28th July is World Hepatitis Day, and to shine some light on an issue which is not taken as seriously as it should be let’s discuss what Ayesha, a 35-year-old girl went through. She worked at a salon and one fateful day which was like any other she was rushed to emergency because of intense pain in her abdomen and 24 hours later the doctors had exhausted all efforts to try and save her life and Ayesha was declared dead. During the tests carried out at the hospital, the doctors found Ayesha to be suffering from Hepatitis B which her family was unaware of because she had never shown any symptoms of the disease.
Cases like this one are not uncommon in the world, especially where an estimated 887,000 people died of Hepatitis B in 2015. Hepatitis is a disease that is epidemic, especially in Pakistan where about 18 million people are suffering from Hepatitis B and C and each year brings about 150,000 new cases, which means that about 400 people are losing their life to Hepatitis each day in Pakistan.
Medically, Hepatitis is defined as an inflammation of the liver while viral hepatitis refers to hepatitis caused by a few specific viruses including A, B, C, D and E. The most common types are Hepatitis A, B and C while Hepatitis B and C can cause chronic hepatitis, leading to death. The story of Ayesha, a common girl with no underlying conditions shows that this disease strikes fasts and without notice. Having said that the readers and health care professionals in the region can work for the reduction of disease burden by following a few principles including, educating the masses, raising awareness and enabling common people.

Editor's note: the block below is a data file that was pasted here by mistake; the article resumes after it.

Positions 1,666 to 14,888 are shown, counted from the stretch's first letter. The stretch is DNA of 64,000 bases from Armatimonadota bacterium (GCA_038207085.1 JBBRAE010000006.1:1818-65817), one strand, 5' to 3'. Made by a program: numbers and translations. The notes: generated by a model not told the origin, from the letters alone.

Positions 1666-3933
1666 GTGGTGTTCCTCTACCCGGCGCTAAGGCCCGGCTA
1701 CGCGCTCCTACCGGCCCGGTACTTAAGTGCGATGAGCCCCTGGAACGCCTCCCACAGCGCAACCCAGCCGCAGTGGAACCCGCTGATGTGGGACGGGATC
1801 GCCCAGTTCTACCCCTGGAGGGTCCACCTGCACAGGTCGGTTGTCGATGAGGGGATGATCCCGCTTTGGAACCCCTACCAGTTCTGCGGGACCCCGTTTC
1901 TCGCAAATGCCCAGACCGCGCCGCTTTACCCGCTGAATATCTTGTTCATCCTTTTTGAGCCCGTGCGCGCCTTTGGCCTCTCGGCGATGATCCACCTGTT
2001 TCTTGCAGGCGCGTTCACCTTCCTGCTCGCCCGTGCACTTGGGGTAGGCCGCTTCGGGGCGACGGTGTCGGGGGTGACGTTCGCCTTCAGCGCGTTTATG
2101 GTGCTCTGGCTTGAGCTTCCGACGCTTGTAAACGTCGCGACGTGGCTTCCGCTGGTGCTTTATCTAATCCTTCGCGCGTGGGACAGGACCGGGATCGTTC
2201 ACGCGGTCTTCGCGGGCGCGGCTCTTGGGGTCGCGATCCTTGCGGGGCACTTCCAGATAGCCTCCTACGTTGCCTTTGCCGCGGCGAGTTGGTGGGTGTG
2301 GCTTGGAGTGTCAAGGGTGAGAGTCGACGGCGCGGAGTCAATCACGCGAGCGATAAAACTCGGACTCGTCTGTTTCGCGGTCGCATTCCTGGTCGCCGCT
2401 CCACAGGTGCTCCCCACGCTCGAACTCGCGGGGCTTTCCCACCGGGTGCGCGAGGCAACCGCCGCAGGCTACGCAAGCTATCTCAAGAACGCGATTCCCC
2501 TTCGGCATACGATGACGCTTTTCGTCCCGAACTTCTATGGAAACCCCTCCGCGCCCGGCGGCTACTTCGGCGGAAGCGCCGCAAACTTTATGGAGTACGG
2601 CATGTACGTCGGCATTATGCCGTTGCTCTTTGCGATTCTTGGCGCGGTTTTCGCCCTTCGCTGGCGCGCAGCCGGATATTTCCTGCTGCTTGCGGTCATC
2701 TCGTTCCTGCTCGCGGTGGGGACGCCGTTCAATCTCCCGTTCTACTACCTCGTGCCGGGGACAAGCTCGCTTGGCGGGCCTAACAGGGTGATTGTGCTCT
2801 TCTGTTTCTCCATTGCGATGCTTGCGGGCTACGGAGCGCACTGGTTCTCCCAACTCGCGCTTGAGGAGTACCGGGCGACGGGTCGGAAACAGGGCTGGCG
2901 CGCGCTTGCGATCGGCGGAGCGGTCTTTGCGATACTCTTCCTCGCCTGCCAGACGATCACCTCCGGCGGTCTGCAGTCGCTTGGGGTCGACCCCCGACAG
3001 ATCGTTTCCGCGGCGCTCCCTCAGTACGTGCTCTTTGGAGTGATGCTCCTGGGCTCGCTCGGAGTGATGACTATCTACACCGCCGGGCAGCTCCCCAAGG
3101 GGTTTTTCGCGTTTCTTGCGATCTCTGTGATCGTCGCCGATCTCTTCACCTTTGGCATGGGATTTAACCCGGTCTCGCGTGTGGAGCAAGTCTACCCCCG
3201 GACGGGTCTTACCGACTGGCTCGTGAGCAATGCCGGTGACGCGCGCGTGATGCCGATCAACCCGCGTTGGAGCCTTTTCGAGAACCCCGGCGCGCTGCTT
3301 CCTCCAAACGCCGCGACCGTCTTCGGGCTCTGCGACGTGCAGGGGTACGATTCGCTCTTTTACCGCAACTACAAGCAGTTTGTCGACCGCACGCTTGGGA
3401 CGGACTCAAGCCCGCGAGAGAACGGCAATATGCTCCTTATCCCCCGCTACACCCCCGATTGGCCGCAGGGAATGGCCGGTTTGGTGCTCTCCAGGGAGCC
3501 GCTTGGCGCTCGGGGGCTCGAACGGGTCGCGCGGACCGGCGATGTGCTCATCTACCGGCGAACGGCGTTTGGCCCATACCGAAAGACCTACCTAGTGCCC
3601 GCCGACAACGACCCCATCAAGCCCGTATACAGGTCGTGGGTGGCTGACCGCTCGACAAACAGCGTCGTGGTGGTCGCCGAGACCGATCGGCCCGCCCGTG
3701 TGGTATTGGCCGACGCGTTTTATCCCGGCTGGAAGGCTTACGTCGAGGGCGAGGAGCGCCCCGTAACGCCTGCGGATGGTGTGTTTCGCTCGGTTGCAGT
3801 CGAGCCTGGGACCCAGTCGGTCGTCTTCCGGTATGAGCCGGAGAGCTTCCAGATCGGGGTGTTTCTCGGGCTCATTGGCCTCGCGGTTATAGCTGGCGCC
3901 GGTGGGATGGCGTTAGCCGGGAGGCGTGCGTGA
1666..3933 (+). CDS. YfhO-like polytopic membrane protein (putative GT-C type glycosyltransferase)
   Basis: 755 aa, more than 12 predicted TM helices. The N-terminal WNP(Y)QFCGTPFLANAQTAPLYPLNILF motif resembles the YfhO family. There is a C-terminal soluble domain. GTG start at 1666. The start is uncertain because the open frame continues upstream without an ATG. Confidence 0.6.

The following steps can be taken to eliminate the spread of Hepatitis:
- Stopping the reuse of syringes
- Following proper sterilization protocols for the invasive medical devices used during surgeries and dental procedures
- Stop the sharing of razors
- Following proper sterilization protocols for reusable instruments
- By making sure that the drinking water is not contaminated and providing a safe water supply
- Training the medical staff on safe injection practices
- Proper waste management
- Regulating blood transfusions
- Adequate hepatitis screening
- Improved hygiene and sanitization
- Food safety
- Proper immunization, making sure each individual gets vaccinated
The key challenges for an effective response are:
- Lack of awareness and knowledge about the disease
- Limited timely and reliable data available on coverage and quality of essential hepatitis services
- Unnecessary injection practices
- Unregulated blood transfusions
- Lack of knowledge amongst the medical staff on the proper syringe and waste disposal
- Inadequate screening
- Limited access to the treatment
- Improper sanitization
- Insufficient clean drinking water
- The practice of reusing instruments in salons and barbershops
- Inadequate sterilization protocols in hospitals and dental clinics
Hepatitis B works on prevention rather than cure, having a vaccine but no treatment, while Hepatitis C has no vaccine but a treatment option is available if the virus is detected. What is very important for everyone to know is the various ways that the infection can be contracted and how to avoid the infection. As the famous saying goes, awareness is half the battle.